Search Results for oil-imports
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Discussion

U.S. – China Energy Cooperation: Risks, Opportunities and Solutions

Author(s): OurEnergyPolicy.org
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OurEnergyPolicy.org
Date: December 14, 2015 at 12:00 PM

At a recent event hosted by the Hudson Institute, energy professionals gathered to discuss energy issues affecting both the United States and China, with significant discussion centering on how low oil prices generally correlate with economic prosperity and stability – and vice versa. It is projected that China’s oil import dependence will rise from 60% in 2013 to 75% in 2035 and that, in the next 15 years, China will overtake the U.S. as the world’s largest oil consumer. Like the U.S., China’s sustained economic growth is directly influenced by the price of oil. Although crude oil price spikes are… [more]

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Energy Security: Meeting the Growing Challenge of National Oil Companies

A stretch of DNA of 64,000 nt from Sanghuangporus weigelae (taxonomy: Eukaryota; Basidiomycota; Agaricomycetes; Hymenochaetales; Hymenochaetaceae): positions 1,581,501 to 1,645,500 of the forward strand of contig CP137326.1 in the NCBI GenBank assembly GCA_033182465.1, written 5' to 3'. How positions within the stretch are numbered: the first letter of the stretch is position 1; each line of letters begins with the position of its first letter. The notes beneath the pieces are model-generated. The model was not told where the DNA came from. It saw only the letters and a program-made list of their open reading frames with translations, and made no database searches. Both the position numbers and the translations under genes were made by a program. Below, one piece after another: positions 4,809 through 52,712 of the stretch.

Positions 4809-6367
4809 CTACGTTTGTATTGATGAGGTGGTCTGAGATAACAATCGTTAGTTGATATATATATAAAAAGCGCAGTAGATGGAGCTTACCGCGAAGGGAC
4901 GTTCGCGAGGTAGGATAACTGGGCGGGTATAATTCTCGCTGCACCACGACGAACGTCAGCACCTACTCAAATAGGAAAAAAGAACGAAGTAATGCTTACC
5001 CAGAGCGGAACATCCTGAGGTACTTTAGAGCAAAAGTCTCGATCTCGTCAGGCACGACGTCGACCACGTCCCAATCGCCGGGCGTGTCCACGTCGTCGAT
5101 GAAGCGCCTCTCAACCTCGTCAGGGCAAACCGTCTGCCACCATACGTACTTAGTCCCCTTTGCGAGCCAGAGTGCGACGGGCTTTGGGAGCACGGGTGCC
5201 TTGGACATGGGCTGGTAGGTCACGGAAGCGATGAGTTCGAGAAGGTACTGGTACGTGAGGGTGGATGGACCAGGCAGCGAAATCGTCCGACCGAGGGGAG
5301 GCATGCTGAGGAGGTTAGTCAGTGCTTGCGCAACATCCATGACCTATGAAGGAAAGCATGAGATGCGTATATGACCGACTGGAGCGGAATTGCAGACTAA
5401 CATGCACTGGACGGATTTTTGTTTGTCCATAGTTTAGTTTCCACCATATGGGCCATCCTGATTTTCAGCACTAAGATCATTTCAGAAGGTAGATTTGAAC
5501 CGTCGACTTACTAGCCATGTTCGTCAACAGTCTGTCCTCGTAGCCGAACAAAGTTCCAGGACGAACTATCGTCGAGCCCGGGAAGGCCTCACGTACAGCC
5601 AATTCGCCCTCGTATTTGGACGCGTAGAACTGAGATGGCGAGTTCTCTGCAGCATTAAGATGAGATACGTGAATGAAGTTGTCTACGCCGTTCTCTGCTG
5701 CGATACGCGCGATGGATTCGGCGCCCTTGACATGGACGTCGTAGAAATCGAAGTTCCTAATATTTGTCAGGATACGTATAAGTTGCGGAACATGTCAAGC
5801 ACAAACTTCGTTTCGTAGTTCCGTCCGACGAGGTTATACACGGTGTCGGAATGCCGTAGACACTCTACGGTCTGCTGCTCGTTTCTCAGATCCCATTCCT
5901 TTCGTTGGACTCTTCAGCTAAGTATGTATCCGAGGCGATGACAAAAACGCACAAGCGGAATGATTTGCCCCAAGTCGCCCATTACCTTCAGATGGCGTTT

Author(s): OurEnergyPolicy.org
Administrator
OurEnergyPolicy.org
Date: June 2, 2015 at 11:52 AM

Full Title: Energy Security: Meeting the Growing Challenge of National Oil Companies Author(s): Amy Myers Jaffe and Matthew Chen Publisher(s): The Whitehead Journal of Diplomacy and International Relations Publication Date: 2007 Full Text: ->DOWNLOAD DOCUMENT<- Description (excerpt): This paper discusses the challenges posed by national oil companies (NOCs) in states such as Venezuela, Russia and China presents the United States with a number of dilemmas. The authors argue that while the rise of NOCs from consuming and producing countries does not constitute an immediate threat to US national security, the growing economic power and strategic influence of NOCs on global energy… [more]

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Fuel Choice and Energy Security

Author(s): OurEnergyPolicy.org
Administrator
OurEnergyPolicy.org
Date: October 22, 2013 at 7:05 AM